House Approves Amtrak Funding, Rewrites Rules To Allow Furry Riders

Amtrak conductor Michael Laubauskas talks on a radio Feb. 19 as his train departs Trenton, N.J., for Washington, D.C. The U.S. House passed an Amtrak funding bill Wednesday that splits Amtrak's high-ridership Northeast Corridor line that runs from Boston to Washington from the less profitable part of the system. (AP)
Amtrak conductor Michael Laubauskas talks on a radio Feb. 19 as his train departs Trenton, N.J., for Washington, D.C. The U.S. House passed an Amtrak funding bill Wednesday that splits Amtrak's high-ridership Northeast Corridor line that runs from Boston to Washington from the less profitable part of the system. (AP)

Instead of fighting like cats and dogs, Congress appears to be coming together for a change, and maybe it's because of our feline and canine friends.

In a rare bipartisan vote, the House today approved an Amtrak funding bill that will keep the trains running for another four years, and allowing some pets to ride along on the intercity passenger rail service.

The Passenger Rail Reform and Investment Act passed on a vote of 316 to 101 (132 Republicans joined 184 Democrats in voting for the bill, 101 Republicans voted against). It essentially freezes spending for Amtrak at current levels — about $1.7 billion a year — for the next four years, and includes other reforms aimed at improving the railroad's fiscal performance.

That disappointed some of the passenger rail service's supporters, who had hoped for increased funding to help Amtrak improve it's deteriorating infrastructure and update aging rail cars and equipment.

But many Republicans, backed by conservative groups including the Club for Growth and Heritage Action, say the overall federal passenger rail subsidy of $7.2 billion is too much. The groups argue the spending reforms don't go far enough and warned this would be scored as a "key vote" in their influential ratings of conservative lawmakers.

Just before the bill passed, a GOP amendment to eliminate all federal subsidies for Amtrak failed on a vote of 147 to 272.

The most significant reform in the bill separates the Northeast Corridor route between Boston, New York and Washington, D.C., from Amtrak's other long-distance routes. That will force Amtrak to reinvest profits from the heavily used route back into the Northeast Corridor to help improve train speeds and passenger service, rather than diverting those profits to help subsidize 15 unprofitable long-distance routes around the country.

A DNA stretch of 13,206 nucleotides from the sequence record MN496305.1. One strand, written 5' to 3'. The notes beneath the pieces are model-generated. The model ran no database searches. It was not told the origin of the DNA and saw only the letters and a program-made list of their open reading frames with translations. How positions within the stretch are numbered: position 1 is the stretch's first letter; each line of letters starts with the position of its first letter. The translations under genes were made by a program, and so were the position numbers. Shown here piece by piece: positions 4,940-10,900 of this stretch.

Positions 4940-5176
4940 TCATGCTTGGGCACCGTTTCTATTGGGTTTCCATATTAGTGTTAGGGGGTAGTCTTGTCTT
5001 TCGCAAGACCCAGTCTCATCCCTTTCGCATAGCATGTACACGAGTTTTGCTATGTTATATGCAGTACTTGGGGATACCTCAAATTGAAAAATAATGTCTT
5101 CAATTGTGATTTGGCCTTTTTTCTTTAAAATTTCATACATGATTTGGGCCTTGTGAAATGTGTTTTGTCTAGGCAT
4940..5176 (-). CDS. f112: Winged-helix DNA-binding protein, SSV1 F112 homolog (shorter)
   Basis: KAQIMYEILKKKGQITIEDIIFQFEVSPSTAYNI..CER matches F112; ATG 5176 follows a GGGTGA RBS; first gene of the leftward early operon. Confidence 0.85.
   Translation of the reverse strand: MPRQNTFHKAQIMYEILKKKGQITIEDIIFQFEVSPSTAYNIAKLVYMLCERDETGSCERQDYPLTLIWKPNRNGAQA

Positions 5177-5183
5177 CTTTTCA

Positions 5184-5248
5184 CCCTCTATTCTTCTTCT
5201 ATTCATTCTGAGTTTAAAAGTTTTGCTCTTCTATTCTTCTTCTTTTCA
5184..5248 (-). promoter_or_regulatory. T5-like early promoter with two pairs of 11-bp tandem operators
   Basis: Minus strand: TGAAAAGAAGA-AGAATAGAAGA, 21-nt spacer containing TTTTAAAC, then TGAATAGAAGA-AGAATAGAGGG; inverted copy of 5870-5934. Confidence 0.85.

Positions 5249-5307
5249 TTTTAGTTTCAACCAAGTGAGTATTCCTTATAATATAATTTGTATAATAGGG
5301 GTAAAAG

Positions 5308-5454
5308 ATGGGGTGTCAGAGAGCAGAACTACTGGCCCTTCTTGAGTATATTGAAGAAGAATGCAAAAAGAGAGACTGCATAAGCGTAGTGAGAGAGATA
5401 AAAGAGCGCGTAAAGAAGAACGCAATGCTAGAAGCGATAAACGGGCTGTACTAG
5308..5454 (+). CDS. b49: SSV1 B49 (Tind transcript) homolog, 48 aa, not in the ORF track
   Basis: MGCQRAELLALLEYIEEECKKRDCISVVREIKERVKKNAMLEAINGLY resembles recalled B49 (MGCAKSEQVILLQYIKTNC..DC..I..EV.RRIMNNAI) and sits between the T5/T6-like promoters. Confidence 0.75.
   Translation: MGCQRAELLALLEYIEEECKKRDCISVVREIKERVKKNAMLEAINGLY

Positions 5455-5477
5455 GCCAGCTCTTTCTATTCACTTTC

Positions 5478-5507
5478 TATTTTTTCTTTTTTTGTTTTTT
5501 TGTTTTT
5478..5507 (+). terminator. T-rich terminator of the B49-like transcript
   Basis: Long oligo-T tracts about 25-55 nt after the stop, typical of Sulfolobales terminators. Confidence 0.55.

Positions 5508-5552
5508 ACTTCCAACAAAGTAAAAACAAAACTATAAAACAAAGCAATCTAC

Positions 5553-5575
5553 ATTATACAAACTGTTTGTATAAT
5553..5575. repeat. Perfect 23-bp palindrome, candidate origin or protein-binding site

The bill also gives officials in 19 states greater input in deciding service changes and budgets for routes they help subsidize in their states; streamlines environmental reviews and other regulations involved in approving constructions projects; and directs Amtrak to take certain steps to eliminate operating losses for food service aboard trains.

But the biggest breakthrough, at least for train-loving pet owners, is a provision allowing passengers to bring dogs and cats onboard.

Under a pilot program, Amtrak will designate at least one car per train, where feasible, for pets, so that passengers "may transport a domesticated cat or dog in the same manner as carry-on baggage."

That provision was included by Rep. Jeff Denham (R-CA), who says he's been pushing for pets on trains since he was prevented from taking his French bulldog on an Amtrak train several years ago.

On a post on his Facebook page Feb. 19, Denham wrote, "Lily often accompanies me when I fly across the country, and it just doesn't make sense that I can bring her with me on a plane, but she can't come with me on a train."

The bill now moves to the Senate, and has the support of the Obama administration.

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